Dysprosium (Dy)                                                 

                             X         SSS  IMC                                

               Holmium (Ho)  X              IMC                                

               Erbium (Er)   X         SSS  IMC                                

               Thulium (Tm)  X              IMC                                

               Ytterbium (Yb)                                                  

                             X              IMC                                

               Lutetium (Lu) X              IMC                                


               Thorium (Th)  X         SSS  IMC                                

               Proactinium (Pa)                                                

                             X         --   --                                 

               Neptunium (Np)                                                  

                             X              IMC                                

               Plutonium (Pu)                                                  

                             X         SSS  IMC                                

     Group IV-B                                                                

               Titanium (Ti) X              IMC                                

               Zirconium (Zr)                                                  

                             X         SSS  IMC                                

               Hafnium (Hf)  X         SSS  IMC                                

     Group V-B Vanadium (V)  X         SSS  IMC                                

               Niobium (Nb)  X         SSS  IMC                                

               Tantalum (Ta) X         SSS  IMC                                

     Group VI-B                                                                

               Chromium (Cr) X         SSS  IMC                                

               Molybdenum (Mo)                                                 

                             X              IMC                                

     Group VIII                                                                

               Palladium (Pd)                                                  

                             X         SSS  IMC                                


      *X = Hydride forms or high H solubility                                  

      **SSS = Small Solid Solubility                                           

      IMC = Intermetallic Compound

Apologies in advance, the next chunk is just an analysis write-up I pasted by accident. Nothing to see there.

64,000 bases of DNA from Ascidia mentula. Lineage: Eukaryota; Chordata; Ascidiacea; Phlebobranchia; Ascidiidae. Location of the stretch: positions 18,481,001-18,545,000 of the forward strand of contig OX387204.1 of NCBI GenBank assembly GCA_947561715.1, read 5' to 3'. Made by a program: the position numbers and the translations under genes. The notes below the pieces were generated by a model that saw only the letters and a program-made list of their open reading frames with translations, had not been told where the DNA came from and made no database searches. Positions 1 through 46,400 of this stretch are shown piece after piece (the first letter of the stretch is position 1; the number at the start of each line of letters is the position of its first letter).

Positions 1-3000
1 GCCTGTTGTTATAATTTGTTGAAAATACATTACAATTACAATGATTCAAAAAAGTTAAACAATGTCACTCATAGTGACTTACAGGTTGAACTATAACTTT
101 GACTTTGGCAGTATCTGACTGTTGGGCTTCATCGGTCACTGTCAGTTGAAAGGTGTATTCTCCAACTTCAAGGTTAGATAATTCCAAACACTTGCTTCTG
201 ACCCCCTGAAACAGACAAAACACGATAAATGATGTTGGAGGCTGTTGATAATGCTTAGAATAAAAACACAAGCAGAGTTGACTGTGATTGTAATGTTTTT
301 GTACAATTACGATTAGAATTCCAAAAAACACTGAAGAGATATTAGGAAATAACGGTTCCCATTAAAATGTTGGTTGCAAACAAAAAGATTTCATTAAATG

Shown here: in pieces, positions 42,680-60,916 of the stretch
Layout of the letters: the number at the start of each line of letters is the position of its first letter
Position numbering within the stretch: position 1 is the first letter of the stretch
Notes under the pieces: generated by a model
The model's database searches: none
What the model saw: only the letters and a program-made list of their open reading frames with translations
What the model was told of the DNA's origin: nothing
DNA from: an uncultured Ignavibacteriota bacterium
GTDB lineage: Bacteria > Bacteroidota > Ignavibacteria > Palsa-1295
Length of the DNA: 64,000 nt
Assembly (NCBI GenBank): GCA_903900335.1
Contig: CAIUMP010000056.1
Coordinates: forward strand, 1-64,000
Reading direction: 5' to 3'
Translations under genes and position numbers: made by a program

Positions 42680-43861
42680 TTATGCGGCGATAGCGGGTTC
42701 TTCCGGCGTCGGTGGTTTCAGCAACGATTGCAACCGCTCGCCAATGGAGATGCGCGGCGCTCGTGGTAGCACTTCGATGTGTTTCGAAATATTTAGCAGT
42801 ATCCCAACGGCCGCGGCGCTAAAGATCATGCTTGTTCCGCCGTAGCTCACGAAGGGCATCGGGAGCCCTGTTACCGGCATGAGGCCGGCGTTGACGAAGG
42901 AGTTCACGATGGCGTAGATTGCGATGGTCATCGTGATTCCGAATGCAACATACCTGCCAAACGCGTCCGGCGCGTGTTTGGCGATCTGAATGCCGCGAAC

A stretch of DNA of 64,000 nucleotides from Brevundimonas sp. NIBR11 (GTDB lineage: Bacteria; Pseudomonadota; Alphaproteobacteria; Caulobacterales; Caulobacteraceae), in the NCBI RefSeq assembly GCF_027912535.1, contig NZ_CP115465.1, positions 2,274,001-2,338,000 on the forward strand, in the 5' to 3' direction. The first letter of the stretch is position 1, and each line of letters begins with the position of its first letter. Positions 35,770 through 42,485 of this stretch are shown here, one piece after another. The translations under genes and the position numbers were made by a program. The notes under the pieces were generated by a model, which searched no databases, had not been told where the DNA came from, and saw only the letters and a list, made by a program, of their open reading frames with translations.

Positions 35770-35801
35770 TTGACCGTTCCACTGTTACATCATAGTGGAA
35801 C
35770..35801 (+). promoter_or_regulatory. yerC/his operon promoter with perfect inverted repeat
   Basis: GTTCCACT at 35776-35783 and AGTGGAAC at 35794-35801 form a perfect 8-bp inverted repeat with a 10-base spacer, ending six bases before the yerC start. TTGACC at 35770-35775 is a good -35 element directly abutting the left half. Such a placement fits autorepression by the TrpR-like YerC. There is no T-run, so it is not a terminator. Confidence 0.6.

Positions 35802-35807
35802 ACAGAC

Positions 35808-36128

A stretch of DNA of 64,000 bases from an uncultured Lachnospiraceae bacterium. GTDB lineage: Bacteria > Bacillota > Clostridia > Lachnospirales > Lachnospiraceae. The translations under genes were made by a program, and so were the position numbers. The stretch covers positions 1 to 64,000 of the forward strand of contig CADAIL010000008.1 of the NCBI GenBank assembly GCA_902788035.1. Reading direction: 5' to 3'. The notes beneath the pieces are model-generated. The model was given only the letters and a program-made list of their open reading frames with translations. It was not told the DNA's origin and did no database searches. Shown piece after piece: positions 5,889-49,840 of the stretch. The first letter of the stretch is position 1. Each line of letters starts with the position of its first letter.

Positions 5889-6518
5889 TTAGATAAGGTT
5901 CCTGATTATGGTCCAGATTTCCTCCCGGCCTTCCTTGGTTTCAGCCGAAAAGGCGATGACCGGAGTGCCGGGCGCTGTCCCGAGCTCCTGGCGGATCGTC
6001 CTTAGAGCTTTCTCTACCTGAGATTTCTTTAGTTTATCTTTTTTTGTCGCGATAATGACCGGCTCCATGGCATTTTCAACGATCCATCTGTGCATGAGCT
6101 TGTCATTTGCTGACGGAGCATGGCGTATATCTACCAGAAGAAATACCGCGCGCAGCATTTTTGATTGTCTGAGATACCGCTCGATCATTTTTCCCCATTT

Thus, use of these elements alone or in different combinations could achieve hydrogen storage as noted previously by annealing the conductor in a hydrogen. Hydrogen chemically entrained in the alloy is stored in the form of a hydride or a solid solution (or a combination thereof) and thus will be retained in the structure over a long period of time when the stripe is exposed to elevated temperatures and pressures at which conventional stripes normally operate.

Referring now to FIG. 1, there is shown apparatus for carrying out the present invention wherein a thin film conductor embodying the present invention is annealed in a hydrogen atmosphere. The apparatus includes an electrical furnace generally referenced 30, the temperature of which can be accurately controlled. The furnace includes an enclosed housing 31 having an interior chamber 32. The housing is wrapped by a heating blanket containing heating coils 34 and a thick layer of insulation 35 to prevent heat loss. The heating coils are operatively connected to a suitable temperature controller 36 and the chamber temperature is monitored by a thermocouple 37 which serves to hold the temperature at a desired level.

The integrated circuit 11 containing the aluminum alloy interconnect 23 is mounted inside the furnace housing chamber upon a suitable support which in practice can be the flat pack housing 12 shown in FIG. 2. A flanged connector 39 is secured in the top wall 40 of the furnace housing through which the chamber communicates with a gas supply 42 and an electrical power supply 41. A flow control system generally referenced 45 is connected into the chamber through the bottom wall of the furnace chamber. The system includes a control valve 47 and a relief valve 50.

Initially, the air atmosphere in the chamber is replaced by a hydrogen containing ambient provided by supply bottle 42. With the thin film bathed in a hydrogen ambient, the temperature of the furnace is brought up to a desired annealing temperature. The furnace is maintained at the annealing temperature for a sufficient period of time to allow the alloyed stripe to become fully charged with hydrogen. The annealing time and temperature will vary depending on the type of alloy used and the amount of hydrogen storing material added to the conductor material. After annealing, the stripe is cooled to room temperature thus providing a fully charged device. The stripe is allowed to cool in the hydrogen atmosphere. Upon cooling the device is removed from the furnace and the package is sealed using well known techniques with a hydrogen atmosphere contained therein. Accordingly, the thin film conductor or conductors contained in the package not only internally store hydrogen but also are adapted to operate in a hydrogen ambient thus extending the life of the device. An atmosphere containing a significant amount of hydrogen is preferred for the purpose of packaging.